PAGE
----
Journey through the past (or something like it) with Melika Bass

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From Melika Basss Waking Things
  • From Melika Bass's Waking Things
Tomorrow nightTonight Doc Films continues its local-filmmakers series with two works made in 2011 by Melika Bass, Waking Things and Shoals. Both films appear to take place in the past, yet it's hard to say exactly when, or if, they take place in the past at all. Bass raises the possibility in each that her characters live in the present but in isolation from modern life. Waking, which recalls such movies about medieval life as Ingmar Bergman's Virgin Spring, unfolds in a dark wooden house where a family performs arcane rituals in preparation for a great feast. Shoals takes place around a rural sanitarium, apparently in the late-19th century, where three young women are monitored by an older man who may be a doctor or a religious cult leader. In both films, the big picture remains fuzzy while the details are always crystal clear. Shot in long takes and with exquisitely modulated lighting (fellow Chicago artist Lori Felker is the credited lighting director), Bass's films evoke living paintings—the textures are as inviting as the narratives are withholding.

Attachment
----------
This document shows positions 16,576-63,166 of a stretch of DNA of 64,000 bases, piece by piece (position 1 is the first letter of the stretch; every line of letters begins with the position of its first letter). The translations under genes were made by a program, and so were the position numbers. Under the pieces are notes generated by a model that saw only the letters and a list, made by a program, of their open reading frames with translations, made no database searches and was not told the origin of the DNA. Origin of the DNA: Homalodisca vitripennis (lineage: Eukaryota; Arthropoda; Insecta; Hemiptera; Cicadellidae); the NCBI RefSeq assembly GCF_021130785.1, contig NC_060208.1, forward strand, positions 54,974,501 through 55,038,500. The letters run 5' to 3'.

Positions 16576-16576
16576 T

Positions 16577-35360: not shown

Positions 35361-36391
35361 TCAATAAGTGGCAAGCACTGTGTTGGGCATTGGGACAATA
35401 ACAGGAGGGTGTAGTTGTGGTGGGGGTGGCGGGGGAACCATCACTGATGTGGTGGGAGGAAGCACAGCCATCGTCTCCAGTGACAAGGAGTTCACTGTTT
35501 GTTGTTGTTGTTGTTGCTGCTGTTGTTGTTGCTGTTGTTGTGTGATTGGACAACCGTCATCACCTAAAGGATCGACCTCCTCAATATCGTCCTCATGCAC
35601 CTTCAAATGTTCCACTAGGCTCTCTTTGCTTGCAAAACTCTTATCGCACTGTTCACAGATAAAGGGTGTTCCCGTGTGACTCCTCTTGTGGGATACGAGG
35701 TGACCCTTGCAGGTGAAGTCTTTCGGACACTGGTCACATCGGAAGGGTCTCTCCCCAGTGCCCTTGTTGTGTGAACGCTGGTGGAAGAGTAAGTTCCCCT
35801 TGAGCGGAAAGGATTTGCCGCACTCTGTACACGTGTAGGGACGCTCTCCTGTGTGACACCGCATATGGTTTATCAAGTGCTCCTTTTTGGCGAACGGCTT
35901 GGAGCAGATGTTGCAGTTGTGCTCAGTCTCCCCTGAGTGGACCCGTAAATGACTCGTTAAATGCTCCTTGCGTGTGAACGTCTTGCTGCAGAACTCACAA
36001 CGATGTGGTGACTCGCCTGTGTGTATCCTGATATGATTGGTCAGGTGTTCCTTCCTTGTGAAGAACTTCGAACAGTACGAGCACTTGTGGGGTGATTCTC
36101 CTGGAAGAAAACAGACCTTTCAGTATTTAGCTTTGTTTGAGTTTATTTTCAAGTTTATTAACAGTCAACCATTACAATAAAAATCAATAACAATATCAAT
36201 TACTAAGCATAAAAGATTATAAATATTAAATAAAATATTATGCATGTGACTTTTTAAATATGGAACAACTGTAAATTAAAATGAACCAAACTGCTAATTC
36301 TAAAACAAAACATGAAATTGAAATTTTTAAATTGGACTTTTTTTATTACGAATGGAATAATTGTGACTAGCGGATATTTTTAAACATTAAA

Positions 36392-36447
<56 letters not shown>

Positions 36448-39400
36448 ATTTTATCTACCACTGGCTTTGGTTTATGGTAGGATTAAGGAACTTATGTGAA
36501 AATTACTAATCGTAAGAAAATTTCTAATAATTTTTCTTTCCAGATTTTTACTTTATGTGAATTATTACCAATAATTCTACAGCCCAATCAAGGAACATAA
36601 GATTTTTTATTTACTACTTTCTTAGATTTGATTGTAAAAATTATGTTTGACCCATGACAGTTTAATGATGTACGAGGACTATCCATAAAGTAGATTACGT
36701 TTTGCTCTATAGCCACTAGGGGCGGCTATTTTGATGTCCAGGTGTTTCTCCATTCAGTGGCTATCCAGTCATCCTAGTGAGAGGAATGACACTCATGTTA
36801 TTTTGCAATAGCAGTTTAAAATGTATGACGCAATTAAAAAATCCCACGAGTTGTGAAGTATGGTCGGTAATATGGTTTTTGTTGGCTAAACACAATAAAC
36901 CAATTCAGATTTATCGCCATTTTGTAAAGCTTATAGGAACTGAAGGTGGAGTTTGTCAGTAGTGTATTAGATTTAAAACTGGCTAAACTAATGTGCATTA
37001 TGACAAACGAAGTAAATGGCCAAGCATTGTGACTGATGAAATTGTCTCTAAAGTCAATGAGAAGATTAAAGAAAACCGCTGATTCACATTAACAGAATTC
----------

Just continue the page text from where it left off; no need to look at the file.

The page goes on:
In a sense, those textures are what the movies are all about. In a recent e-mail correspondence, Bass described these films as "play[s] on ideas of historical fiction and its nostalgia," adding how important it was "to get visual specifics right . . . [to] invoke other eras and mediums that help us imagine those histories: pictorialist photography [of the late 19th and early 20th centuries] in Shoals, Dutch still lifes in Waking Things." To achieve these effects, Bass shot the films on a 16-millimeter Bolex camera, then used a variety of digital tools to augment certain shadows and colors. The films' sound designs grew out of another layering process: Bass shot the movies silently, then constructed the soundtracks with homemade field recordings and Foley effects. The point, she wrote, was "to heighten the physicality of gestures and objects."

This would explain why many individual shots in Shoals and Waking have a dreamlike quality while the movies on the whole don't feel like dreams. A dream implies something buried in your consciousness, while Bass's films trade in archaic practices that few contemporary viewers are likely to have experienced. What do you call a dead person's memory? And would you know that's what it was if you saw it?

You can read more about Bass at her website, Tender Archive.

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